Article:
Yesss i’m all about setting goals, sometimes SMARTly and sometimes less so. I’ve blogged often about goals and smart goals, so i see the value in setting a proper, realistic plan. Your right/wrong examples are really helpful and clear to newbie goal-makers!

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Melissa June 13, 2012 at 10:46 pm

Thank you! I’m still learning about how to make SMART goals…it’s a constant learning process, especially the “reasonable” and “timely” aspects. It’s constantly shifting depending on the goals.

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Ericka @ The Sweet Life June 6, 2012 at 11:46 am

Great post! I love how you really broke it down like that. I’s very true when it comes to goals. Working with a running group that deals with people recovering from drugs/alcohol I learned about this type of thing. Thanks for sharing!

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Melissa June 13, 2012 at 10:50 pm

Thank you! I always need examples when I’m reading something like this. A running group for recovering addicts!?!?! That’s FABULOUS!!! Such a great way to help others. :)

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Christine @ Love, Life, Surf June 6, 2012 at 5:04 pm

Yes and great post! Setting SMART goals makes such a difference – it makes you focus on what you really want to accomplish and keeps you accountable. I also think that breaking the goals down into smaller steps is key because it helps it from becoming too overwhelming.

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Melissa June 13, 2012 at 10:53 pm

I hate feeling overwhelmed. HATE IT. I don’t handle it well, and setting goals was always overwhelming. I knew what I wanted to do, but never really took the time to set smaller goals to get to that bigger goal. I’m STILL not perfect when it comes to this!

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Patrick Powers June 10, 2012 at 6:44 am

My wife has been reading this blog for a while. As a professional salesperson and manager of a sales team for many years I have to say this is awesome. The first step to achieving a goal is writing it down, by following the SMART method and truly sticking to a game plan you’ll achieve any goal you set. Make sure to have regular check ins and readjust as needed. Great post!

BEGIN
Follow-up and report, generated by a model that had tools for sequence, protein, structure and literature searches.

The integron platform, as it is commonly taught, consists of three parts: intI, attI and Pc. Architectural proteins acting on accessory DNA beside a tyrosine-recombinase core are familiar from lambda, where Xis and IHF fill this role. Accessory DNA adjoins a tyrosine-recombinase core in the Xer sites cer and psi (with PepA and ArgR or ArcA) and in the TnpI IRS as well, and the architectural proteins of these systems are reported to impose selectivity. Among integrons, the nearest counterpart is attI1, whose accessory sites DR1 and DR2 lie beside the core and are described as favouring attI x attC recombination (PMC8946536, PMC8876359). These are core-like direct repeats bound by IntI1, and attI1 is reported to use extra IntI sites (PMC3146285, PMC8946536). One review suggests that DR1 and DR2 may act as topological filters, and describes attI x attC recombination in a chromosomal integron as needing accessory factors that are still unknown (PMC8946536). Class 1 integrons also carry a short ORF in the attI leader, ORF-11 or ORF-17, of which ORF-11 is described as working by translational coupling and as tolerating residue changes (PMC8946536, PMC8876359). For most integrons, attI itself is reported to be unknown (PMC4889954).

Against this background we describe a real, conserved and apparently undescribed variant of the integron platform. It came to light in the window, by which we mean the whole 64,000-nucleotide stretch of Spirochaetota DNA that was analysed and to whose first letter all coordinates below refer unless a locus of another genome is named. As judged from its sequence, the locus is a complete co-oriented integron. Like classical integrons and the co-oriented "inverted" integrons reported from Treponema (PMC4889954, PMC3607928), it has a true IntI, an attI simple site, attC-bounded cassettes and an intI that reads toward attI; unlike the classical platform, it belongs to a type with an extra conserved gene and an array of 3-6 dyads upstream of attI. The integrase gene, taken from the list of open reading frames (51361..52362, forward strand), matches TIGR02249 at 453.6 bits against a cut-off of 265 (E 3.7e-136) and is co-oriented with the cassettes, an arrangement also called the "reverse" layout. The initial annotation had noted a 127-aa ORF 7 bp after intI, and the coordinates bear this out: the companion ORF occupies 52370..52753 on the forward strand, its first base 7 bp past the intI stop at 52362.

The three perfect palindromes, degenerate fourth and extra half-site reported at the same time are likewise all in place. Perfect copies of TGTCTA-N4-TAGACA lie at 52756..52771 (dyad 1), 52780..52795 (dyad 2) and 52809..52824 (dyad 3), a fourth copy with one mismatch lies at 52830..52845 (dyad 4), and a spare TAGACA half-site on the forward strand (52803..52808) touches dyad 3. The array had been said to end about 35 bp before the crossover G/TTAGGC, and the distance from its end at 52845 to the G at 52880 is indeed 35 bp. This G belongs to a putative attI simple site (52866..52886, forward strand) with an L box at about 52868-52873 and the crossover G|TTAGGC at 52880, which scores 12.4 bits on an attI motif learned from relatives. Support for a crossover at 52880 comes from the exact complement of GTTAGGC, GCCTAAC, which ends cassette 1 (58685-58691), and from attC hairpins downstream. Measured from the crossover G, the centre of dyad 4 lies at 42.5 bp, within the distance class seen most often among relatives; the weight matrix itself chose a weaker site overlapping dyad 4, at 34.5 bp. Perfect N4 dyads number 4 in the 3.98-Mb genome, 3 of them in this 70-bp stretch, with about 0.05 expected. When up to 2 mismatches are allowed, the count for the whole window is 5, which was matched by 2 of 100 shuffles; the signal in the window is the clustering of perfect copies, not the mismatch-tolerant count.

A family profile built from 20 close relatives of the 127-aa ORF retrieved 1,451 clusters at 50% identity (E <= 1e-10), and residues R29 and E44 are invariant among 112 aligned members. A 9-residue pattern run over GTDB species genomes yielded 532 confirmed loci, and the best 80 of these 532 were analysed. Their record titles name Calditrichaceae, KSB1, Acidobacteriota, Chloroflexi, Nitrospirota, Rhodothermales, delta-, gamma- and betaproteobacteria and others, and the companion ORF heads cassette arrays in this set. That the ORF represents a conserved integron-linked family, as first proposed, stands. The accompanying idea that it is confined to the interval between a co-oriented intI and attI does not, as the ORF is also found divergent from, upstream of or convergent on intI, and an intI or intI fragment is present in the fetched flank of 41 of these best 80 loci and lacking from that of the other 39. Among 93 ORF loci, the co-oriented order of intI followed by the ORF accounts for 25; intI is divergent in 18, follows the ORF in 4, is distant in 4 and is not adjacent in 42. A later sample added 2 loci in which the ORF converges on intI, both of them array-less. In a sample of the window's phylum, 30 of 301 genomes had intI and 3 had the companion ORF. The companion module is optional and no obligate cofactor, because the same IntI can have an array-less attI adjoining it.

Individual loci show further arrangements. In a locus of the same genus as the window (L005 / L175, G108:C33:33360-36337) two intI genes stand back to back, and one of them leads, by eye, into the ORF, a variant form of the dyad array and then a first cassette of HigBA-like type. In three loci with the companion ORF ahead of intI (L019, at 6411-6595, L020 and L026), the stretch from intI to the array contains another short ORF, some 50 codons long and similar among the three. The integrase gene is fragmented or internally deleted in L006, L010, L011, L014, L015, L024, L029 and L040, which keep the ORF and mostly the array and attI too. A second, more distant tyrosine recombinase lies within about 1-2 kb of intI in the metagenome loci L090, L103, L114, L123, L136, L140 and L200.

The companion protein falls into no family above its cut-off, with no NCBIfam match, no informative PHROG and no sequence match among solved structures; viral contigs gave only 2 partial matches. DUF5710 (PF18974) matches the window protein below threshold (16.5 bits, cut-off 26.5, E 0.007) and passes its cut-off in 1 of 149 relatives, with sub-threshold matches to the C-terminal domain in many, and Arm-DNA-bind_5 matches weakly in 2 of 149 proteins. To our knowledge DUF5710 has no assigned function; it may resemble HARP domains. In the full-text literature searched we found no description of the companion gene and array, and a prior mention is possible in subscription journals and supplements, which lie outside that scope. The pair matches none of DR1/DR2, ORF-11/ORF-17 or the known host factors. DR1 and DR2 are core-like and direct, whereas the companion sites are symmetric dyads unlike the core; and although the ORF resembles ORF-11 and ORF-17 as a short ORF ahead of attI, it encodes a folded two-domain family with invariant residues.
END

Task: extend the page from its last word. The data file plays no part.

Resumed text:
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Melissa June 13, 2012 at 10:54 pm

I love your wife! :D I’m so proud of her and her accomplishments! And thank you for the compliment of commenting yourself! Checking in is something I’m still trying to remember to do. ;)

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lindsay June 10, 2012 at 9:09 am

could not agree more! yes, goal setting is a science. It’s a shift in focus . About growth, not success. Yes?

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Melissa June 13, 2012 at 10:55 pm

Absolutely. Growth. Success isn’t ALWAYS the outcome of setting any sort of goal in any particular way…growth, however, is most likely to occur, even if you’re not successful. :)

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Tom June 11, 2012 at 10:17 am

Melissa,

Excellent example of setting a SMART Goal, thank you for sharing! Research has shown that writing down your goal, sharing and progress reporting all contribute to achieving your goal. More about defining and achieving SMART Goals can be found at: http://www.define-smart-goals.com .
- Tom

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Melissa June 13, 2012 at 10:56 pm

Thank you for sharing!

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Anita January 23, 2013 at 3:47 pm

Melissa,

I am an academic advisor and instructor for First Generation college students in a federal TRiO program at NKU. I spend a lot of time focusing on SMART goals and goal setting in their first semester. Your visual for Goal Setting Successfully really speaks to me. I was wondering if I can get permission to use some of your information in my lectures. I know none of it is original in thought, but I love the way you map it out and make it so easy to understand.

Thank you in advance for consideration of my request. Anita Adkins

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Melissa January 25, 2013 at 4:34 pm

Absolutely, Anita! You may use the graphic and/or the information on the page, as long as you remember to keep my website attached! :) I appreciate your feedback and I’m so glad that you found it lecture worthy. :)